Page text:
February 25, 2022 8:30 a.m.
For the seventh consecutive season attendance is down in college football. The average attendance for games slipped below 40,000 and even the SEC saw its numbers fall. This is not just a sign of life coming out of a pandemic, but it's a sign of how fans consume their sport.
CBS Sports Dennis Dodd (@dennisdoddcbs) wrote about the declining numbers and many in the sport are concerned because fewer and fewer people are coming to the stadium.
But does this mean there are fewer fans in college football? Maybe. But also, there is a thought that college football fans are consuming their sport differently than fans in the past 50 years.
The old college way used to be that you got up on game day and made the trek to the stadium hours before kickoff to meet up with friends and family and tailgate for hours. Or many would pack up the car on a Friday and drive for hours and stay in hotels and eat out and shop near campus to fuel the local economy of the college town. It became a three day journey and you did it six times a season.
But then television domination happened. Florida Gator fans might remember there was a time when their team was on the tube maybe 2-3 games a season. Now, every game is available and now you can watch a 72-inch television screen with a clear picture that offers non-stop replay, a bathroom with no line and access to food in seconds, not minutes and no parking fee, or jacked up hotel room bill and long traffic congestion getting out of the small town.
Fans started adding up the cost of a football weekend or a home game and compared it to the at-home experience and started to realize they could text their friends during the game to celebrate or complain.
Fewer students attend college football games than ever before. They now live in a world dominated by their iPhone that is filled with streaming options. They have no patience for a four-hour game, four-minute TV timeouts and poor wi-fi inside the stadium.
So what's the fix? Or maybe there is no fix but other approaches to capture the fan.
Schools want as many people on-campus and buying tickets as possible. Ticket revenue is important and a money stream schools want to maximize but the future college football stadium will, and should be, smaller. UCF will eventually add seats but their focus is on premium seating because those tickets sell at a higher price and likely are to fans who a school has a better chance of turning into a donor. The future Florida Field will, and should be, smaller with more luxury boxes.
What would make fans want to go to games as opposed to the in-home viewing experience? That's the secret formula many schools are trying to figure out. I think that answer varies from what part of the country you are in and the history of a program. Michigan will likely not have a problem attracting fans any time soon but there are some schools that face real challenges.
Fans want better wifi. Don't laugh. Survey after survey across the country show better wifi as one of the biggest, if not the most important, item fans want inside stadiums. Great wifi inside a stadium is expensive. Some schools have spent, or committed, millions to upgrade. A better home schedule is something fans want but that is a challenge in a sport that schedules non-conference games a decade out. Pre-game concerts, kid zones, access to other campus sports facilities are among things schools offer to get fans to come to campus for games.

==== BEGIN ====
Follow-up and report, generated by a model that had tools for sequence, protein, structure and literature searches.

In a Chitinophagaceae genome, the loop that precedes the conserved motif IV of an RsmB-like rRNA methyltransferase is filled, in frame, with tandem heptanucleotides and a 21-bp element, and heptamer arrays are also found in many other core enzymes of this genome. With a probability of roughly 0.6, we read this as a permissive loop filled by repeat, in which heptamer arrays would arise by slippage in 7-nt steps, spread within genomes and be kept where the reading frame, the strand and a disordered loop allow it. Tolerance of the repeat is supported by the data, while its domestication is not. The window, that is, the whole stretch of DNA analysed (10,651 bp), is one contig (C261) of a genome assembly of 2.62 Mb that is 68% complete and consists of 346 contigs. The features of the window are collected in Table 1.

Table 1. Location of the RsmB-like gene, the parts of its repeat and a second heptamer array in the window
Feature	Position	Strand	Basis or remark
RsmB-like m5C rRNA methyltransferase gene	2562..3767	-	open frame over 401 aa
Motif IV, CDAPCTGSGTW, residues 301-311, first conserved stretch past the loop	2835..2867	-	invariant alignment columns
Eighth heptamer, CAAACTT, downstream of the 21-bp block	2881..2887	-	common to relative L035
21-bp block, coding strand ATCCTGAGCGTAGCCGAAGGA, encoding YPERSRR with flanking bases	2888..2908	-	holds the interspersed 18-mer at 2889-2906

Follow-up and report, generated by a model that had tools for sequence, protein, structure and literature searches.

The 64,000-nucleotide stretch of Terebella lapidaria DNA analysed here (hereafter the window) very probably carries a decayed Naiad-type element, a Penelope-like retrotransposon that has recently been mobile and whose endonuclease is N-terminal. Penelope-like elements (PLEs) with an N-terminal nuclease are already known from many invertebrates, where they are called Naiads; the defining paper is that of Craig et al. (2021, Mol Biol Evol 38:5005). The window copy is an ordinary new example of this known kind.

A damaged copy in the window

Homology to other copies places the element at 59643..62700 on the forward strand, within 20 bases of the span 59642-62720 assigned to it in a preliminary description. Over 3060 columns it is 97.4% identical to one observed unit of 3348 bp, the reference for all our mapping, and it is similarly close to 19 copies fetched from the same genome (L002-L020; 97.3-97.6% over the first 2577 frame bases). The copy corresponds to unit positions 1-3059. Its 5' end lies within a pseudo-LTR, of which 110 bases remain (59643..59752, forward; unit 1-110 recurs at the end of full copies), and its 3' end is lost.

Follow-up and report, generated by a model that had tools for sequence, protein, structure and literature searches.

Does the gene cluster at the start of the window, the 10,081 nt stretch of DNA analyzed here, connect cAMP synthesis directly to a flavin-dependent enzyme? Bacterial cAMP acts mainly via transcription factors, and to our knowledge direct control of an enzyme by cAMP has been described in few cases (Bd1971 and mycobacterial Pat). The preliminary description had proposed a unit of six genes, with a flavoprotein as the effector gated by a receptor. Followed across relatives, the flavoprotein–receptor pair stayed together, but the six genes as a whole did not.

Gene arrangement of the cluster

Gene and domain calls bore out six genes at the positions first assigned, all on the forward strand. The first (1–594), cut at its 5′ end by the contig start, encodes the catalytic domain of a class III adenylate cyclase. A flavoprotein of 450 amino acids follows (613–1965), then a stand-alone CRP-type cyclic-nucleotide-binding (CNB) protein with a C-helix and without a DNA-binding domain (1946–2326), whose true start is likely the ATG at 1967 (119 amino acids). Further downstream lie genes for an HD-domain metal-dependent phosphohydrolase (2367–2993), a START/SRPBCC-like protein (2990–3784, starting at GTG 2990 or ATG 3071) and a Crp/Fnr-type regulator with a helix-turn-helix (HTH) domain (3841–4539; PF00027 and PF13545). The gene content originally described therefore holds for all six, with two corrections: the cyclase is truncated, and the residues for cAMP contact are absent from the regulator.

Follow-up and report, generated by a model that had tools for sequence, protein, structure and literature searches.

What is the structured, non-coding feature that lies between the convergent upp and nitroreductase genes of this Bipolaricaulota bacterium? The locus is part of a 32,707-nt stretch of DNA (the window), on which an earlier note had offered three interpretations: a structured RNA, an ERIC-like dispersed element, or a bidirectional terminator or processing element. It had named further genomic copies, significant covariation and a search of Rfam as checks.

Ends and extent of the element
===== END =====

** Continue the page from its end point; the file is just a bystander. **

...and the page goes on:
But the future has arrived and schools now must find ways to engage their fans 24/7 whether they are at your games or not. That is why things like NFTs and gaming are starting to flood the market.
NFTs(think of a digital collectible) are an entry point for schools to engage with fans and provide access to special events, player interaction and contesting that connects the school and fan far beyond game day. And then there is the mother-of-all connections, gambling.
Do not laugh, but every conference and every school is watching or already partnering with someone in the gambling industry. The money is too good to avoid and it's inevitable. Last year, LSU was the first SEC school to partner with a gambling company in Caesars Entertainment. The deal is said to be worth high-seven and possibly eight figures to the school. But the future is filled with fan engagement opportunities.
People are gambling on sports, as they have for decades. But now it's accepted and the day is coming where you can sit at home or even inside the stadium and have the ability of wagering on the game with your favorite team- with your school making money on this application. You will be able to wager whether they win, how many yards the quarterback will throw for or whether the next play will be a run or a pass. If you think this is crazy, ask a Florida fan in 1980 if they thought the day would come that every game would be on TV. That year three Gator games were on television, none of the first seven.
Winning will always attract fans because people love being part of the party. Some schools are excellent at putting on a game day experience that has fans wanting to come back but now schools must work everyday to stay engaged with their fans for more than the six or seven days they have a home football game.
Thirty years from now, schools will still announce their attendance for a game. But in 2052, schools will also know how much money they are making on a game day and every day they engage with their fans on things other than a mobile ticket to get inside the stadium.
The SEC might have 10,000 fewer fans per game in 2052, but by then, schools will be making money on so many more things than tickets, it may not matter how many people are in the stands...
Final thought: In 1980, Florida field had a capacity of 62,800. Today, capacity is listed at 88,548.